There have been excursions available at the Duluth Harbor through the decades. This craft is part of a 1960s business that becomes the Goldfine family's Vista Fleet in the 1990s. This outing was during the Duluth celebration called Portorama Days. This excursion boat in in the Duluth harbor. The first Duluth Seaway Portorama of 1960 was celebrated to commemorate the opening of the St. Lawrence Seaway the prior year (officially May 3) in Duluth in July 8-14 of 1959. The Duluth Junior Chamber of Commerce, commonly called the Duluth Jaycees, was the sponsor. They crowned a Miss Seaway. It was about nine days in duration, usually late July to early August and later overlapped with the International Folk Festival held each August. The Jaycees announced it would discontinue sponsoring Portorama in 1970.
University of Minnesota Duluth, Kathryn A. Martin Library, Northeast Minnesota Historical Collections
In this group photograph, dated June 4th, 1939, Muskego Church provides the backdrop for the attendees at the closing session of the Southern Minnesota District Convention of the Norwegian Lutheran Church of America. In 1844, Norwegian settlers at the Muskego Settlement in southeastern Wisconsin dedicated one of the first Norwegian American Lutheran church buildings. The building was moved to the United Church Seminary campus in the St. Anthony Park neighborhood of St. Paul in 1904. In 1917, United Church Seminary became Luther Theological Seminary. Front of photograph reads: Closing session, So. Minn. Dist. Conv.-N.L.C.A., Muskego Church, Saint Paul, Minn., June 4th 1939.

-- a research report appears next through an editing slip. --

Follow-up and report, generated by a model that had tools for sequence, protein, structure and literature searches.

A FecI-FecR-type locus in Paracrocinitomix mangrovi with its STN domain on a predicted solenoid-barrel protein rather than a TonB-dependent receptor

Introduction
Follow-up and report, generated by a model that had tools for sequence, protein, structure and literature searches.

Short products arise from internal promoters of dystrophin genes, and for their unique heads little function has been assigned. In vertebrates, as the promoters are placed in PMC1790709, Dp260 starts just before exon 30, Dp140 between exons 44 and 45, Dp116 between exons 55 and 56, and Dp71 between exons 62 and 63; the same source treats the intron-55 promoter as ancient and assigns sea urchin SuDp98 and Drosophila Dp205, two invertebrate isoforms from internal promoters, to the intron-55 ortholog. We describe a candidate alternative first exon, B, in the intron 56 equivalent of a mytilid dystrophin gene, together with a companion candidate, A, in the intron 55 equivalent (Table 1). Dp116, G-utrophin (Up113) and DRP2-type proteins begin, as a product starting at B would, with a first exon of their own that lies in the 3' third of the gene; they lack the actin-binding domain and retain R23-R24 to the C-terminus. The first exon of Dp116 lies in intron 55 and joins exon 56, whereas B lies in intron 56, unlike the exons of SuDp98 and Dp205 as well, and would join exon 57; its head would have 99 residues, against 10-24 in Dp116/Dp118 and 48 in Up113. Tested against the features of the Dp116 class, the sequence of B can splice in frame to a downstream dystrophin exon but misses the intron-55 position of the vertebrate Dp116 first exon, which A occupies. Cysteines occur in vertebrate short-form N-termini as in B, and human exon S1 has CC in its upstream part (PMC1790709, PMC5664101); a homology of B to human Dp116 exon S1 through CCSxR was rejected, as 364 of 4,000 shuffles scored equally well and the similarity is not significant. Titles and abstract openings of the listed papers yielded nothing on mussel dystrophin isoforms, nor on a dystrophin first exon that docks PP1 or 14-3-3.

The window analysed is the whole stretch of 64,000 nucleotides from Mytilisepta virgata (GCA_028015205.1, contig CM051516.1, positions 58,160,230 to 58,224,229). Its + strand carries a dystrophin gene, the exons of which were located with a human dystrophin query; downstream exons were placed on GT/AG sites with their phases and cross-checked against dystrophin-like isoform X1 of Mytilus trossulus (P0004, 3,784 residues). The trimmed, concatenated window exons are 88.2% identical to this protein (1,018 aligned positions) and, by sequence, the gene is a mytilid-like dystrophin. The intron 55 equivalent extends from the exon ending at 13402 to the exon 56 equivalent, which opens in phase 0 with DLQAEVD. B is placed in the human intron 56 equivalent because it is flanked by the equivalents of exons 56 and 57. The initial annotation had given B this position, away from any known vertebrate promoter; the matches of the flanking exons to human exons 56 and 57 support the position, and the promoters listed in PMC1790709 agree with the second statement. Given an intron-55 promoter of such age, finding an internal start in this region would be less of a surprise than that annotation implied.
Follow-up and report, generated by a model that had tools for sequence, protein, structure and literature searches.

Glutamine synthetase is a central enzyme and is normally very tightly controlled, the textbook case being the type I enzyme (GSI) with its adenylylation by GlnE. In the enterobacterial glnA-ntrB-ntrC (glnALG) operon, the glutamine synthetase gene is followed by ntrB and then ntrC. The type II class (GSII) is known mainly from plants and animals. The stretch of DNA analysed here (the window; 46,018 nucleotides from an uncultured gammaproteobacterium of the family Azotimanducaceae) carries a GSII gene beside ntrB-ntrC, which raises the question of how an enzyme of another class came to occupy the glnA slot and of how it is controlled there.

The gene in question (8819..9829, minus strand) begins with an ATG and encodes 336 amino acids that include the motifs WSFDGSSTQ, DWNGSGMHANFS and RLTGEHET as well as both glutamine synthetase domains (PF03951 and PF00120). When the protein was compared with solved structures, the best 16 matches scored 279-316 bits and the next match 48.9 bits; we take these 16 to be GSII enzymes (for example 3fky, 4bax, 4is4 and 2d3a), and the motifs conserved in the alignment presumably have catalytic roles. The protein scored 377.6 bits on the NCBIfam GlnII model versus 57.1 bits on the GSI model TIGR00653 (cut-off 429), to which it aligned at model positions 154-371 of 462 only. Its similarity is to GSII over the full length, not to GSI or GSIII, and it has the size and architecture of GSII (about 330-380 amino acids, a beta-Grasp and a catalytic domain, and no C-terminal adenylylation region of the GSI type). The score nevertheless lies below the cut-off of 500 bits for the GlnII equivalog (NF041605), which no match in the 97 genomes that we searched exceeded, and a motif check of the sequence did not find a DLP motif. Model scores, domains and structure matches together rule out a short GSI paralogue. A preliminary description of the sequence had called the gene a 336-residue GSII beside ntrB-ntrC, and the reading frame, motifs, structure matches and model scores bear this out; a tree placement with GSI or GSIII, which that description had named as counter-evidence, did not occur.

Boy Scout Troop 248 marching the the Norse-American Centennial parade in New York City. Carl O. Pedersen's influence in organizing the Norse-American Centennial celebration spanned from New York to Minnesota, as well as other parts of the country.